Opening up an exception to its established rule that a person can't sue for emotional distress damages unless the defendant's action also placed the plaintiff in a "zone of danger" or actually caused physical injury, the unanimous en banc District of Columbia Court of Appeals ruled in Hedgepeth v. Whitman Walker Clinic & Mary Fanning, M.D., 2011 Westlaw 2586720 (June 30, 2011), that a man who was misdiagnosed as HIV+ and claims to have suffered severe emotional distress as a result can maintain a tort action against the clinic and the doctor who misinformed him about his HIV test result.
Terry Hedgepeth visited Whitman Walker Clinic on December 13, 2000, seeking HIV testing. He told the intake worker at the clinic that he "thought he had HIV" because he "found out that his girlfriend was HIV-positive." The intake worker then inappropriately wrote that Hedgepeth was HIV-positive in the file that was opened for him. Blood was drawn for testing and sent to the lab, where it tested negative for HIV. "However," wrote the court, "due to human error, a 'Client Lab Results' form prepared at the clinic mistakenly showed that appellant tested positive for HIV." Then Dr. Fanning told Hedgepeth that he had tested positive for HIV, relying on the mistaken entry in the file. She also told him that he was asymptomatic and had a "normal" viral load.
According to Hedgepeth's allegations, he believed he was HIV+ for the next five years. "He became depressed and began having suicidal thoughts, which resulted in his admission to the psychiatric wards at George Washington University Hospital in January 2001, and at Sibley Hospital in 2002. He was prescribed several medications for depression. He lost his job as a restaurant manager. Appellant's relationship with his daughter also suffered as a result of his depression. Appellant used illegal drugs, suffered from an eating disorder, and began to have sexual intercourse with a woman he knew to be HIV-positive 'because he was diagnosed with HIV and there was no reason for him to live.' Appellant visited the Abundant Life Clinic in June 2005, where he was again tested for HIV. The rest revealed that appellant was not HIV positive. According to Dr. Abdul Muhammad, the treating physician at Abundant Life, upon hearing the negative test result, appellant wept and appeared to him as though he were 'a man being released from prison.'" After Hedgepeth confirmed his negative HIV-status with another test at Johns Hopkins, he brought suit against Whitman Walker Clinic and Dr. Fanning, seeking damages for the emotional distress he had suffered.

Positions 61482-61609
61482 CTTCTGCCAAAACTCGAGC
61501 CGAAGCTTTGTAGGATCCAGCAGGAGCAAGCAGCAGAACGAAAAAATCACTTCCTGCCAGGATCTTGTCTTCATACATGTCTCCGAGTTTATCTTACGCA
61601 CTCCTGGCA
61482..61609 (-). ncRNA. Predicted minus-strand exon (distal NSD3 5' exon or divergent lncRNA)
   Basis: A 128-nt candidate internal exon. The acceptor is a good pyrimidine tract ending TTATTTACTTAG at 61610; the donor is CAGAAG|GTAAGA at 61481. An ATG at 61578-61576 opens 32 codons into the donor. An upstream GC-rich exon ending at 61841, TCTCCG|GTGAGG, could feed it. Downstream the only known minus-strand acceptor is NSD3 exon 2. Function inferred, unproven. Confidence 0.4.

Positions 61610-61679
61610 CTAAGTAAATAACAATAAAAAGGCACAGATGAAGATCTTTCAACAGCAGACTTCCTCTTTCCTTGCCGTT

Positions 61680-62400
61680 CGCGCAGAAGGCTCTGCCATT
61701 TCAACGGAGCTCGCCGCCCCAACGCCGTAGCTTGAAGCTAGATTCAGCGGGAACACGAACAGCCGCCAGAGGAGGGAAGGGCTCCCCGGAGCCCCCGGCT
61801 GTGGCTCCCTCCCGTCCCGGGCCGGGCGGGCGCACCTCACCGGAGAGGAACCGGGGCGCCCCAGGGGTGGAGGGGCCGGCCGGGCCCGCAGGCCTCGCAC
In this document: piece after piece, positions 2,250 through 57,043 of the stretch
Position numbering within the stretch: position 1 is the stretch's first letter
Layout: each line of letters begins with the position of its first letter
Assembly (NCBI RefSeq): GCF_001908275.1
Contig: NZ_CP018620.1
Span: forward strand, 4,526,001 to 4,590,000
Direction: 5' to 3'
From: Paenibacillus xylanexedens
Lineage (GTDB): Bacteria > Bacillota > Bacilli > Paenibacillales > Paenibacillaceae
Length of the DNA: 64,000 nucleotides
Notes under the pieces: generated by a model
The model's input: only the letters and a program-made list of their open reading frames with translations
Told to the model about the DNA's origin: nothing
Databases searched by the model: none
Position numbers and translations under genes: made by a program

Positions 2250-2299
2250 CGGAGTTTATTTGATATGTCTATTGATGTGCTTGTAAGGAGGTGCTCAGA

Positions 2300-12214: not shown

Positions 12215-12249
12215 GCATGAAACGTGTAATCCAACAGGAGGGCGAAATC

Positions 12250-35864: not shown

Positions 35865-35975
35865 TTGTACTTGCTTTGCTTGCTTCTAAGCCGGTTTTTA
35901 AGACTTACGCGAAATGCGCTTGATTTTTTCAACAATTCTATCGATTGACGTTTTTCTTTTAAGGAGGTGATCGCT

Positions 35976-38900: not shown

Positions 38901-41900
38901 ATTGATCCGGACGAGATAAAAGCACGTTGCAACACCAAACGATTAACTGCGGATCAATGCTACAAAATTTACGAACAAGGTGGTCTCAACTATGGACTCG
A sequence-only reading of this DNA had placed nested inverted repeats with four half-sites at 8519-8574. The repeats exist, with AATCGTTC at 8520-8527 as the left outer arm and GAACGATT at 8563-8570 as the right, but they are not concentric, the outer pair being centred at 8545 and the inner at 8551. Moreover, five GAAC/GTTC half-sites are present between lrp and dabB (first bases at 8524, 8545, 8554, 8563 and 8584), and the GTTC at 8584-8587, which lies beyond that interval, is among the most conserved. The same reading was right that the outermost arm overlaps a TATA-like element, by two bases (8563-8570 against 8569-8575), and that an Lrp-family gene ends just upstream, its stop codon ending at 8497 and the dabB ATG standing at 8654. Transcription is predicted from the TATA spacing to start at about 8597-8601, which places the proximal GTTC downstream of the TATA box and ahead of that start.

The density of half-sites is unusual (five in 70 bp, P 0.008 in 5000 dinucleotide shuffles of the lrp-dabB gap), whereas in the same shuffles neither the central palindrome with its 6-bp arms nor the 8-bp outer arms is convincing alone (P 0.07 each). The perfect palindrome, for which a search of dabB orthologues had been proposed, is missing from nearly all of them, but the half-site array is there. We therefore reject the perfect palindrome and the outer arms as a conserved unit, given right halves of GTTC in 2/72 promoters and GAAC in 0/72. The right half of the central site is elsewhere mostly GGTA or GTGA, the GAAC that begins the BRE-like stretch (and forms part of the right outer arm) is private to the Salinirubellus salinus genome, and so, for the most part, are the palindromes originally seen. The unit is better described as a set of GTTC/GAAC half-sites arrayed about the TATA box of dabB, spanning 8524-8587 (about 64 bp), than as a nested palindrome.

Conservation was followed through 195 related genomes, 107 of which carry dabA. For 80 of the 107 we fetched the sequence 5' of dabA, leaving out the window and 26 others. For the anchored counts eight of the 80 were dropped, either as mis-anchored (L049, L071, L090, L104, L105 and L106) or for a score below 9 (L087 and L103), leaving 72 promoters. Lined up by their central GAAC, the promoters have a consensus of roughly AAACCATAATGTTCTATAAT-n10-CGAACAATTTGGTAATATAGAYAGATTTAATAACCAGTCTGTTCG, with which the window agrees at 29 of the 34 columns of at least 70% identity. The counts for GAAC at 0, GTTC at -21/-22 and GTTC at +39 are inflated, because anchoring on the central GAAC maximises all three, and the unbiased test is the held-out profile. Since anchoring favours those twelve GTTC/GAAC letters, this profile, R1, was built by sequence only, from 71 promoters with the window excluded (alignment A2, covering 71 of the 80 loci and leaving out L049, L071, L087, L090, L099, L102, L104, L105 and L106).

The lawsuit was initially unsuccessful, because of the D.C. Court of Appeals' prior precedent of Williams v. Baker, 572 A.2d 1062 (D.C. 1990) (en banc). In Williams, the court had established that under the tort law of the District of Columbia, a person suing for emotional distress damages who had suffered no physical injury as a result of the defendant's actions could not hold the defendant liable for the emotional distress unless the defendant's actions had placed the plaintiff in a "zone of danger" — that is, a situation where the plaintiff either suffered or was in danger of suffering physical injury. This was actually a liberalization of prior law, which had required that plaintiff suffer an actual physical injury in order to claim emotional distress damages. This reflected the traditional reluctance of common law judges to award damages for emotional distress, due to fears that such claims were easily feigned or exaggerated, and that allowing them would open up floodgates of litigation for hurt feelings.
Applying the Williams rule, the trial court and a panel of the D.C. Court of Appeals had granted summary judgment in favor of the defendants and against Hedgepeth. However, in the Court of Appeals decision, Judge Ruiz had concurred suggested that the court should re-examine the District of Columbia's approach to this issue, noting that the draft of the Third Restatement of Torts had suggested an additional category for emotional distress claims which had already been embraced by some courts in other states.